Language-induced visual and semantic biases in visual search are subject to task requirements
Visual attention is biased by both visual and semantic representations activated by words. We investigated to what extent language-induced visual and semantic biases are subject to task demands. Participants memorized a spoken word for a verbal recognition task, and performed a visual search task during the retention period. Crucially, while the word had to be remembered in all conditions, it was either relevant for the search (as it also indicated the target) or irrelevant (as it only served the memory test afterwards). On critical trials, displays contained objects that were visually or semantically related to the memorized word. When the word was relevant for the search, eye movement biases towards visually related objects arose earlier and more strongly than biases towards semantically related objects. When the word was irrelevant, there was still evidence for visual and semantic biases, but these biases were substantially weaker, and similar in strength and temporal dynamics, without a visual advantage. We conclude that language-induced attentional biases are subject to task requirements.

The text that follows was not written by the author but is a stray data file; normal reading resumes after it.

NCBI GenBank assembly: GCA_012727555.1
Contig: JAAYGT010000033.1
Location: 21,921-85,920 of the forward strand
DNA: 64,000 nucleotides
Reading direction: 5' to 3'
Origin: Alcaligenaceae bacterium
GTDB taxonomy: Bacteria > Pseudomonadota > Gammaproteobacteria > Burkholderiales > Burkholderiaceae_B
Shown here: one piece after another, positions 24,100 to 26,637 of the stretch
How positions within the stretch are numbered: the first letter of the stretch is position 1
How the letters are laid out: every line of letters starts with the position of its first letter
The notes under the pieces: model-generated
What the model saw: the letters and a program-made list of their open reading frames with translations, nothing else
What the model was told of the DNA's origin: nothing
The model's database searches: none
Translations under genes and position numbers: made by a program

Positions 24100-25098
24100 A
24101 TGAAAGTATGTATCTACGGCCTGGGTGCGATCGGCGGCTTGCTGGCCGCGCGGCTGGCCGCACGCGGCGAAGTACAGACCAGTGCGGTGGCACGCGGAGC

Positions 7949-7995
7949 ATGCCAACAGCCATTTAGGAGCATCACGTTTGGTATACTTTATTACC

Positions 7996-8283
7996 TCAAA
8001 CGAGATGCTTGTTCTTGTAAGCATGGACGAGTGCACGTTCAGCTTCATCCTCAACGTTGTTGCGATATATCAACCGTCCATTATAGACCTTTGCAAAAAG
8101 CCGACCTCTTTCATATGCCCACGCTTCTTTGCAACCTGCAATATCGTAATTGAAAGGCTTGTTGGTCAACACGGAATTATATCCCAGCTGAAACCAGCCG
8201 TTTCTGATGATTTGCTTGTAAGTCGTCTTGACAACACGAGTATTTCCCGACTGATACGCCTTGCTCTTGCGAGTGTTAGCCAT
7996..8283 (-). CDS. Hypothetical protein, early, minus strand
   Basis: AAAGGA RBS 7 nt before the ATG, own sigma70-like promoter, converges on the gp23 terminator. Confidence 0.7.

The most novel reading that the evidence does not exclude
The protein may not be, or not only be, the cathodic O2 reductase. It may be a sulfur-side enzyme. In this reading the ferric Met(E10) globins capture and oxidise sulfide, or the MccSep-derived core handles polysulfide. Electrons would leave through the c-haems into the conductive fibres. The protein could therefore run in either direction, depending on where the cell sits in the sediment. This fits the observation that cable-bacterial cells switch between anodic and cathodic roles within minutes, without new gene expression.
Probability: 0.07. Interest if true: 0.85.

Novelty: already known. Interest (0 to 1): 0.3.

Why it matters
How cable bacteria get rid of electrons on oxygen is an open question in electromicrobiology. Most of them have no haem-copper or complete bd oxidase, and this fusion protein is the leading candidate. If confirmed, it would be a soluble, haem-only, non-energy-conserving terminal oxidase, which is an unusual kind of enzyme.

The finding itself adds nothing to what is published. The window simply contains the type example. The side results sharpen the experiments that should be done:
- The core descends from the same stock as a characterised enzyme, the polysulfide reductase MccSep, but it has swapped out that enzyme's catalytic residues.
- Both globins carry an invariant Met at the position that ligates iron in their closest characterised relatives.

Publication typeJournal article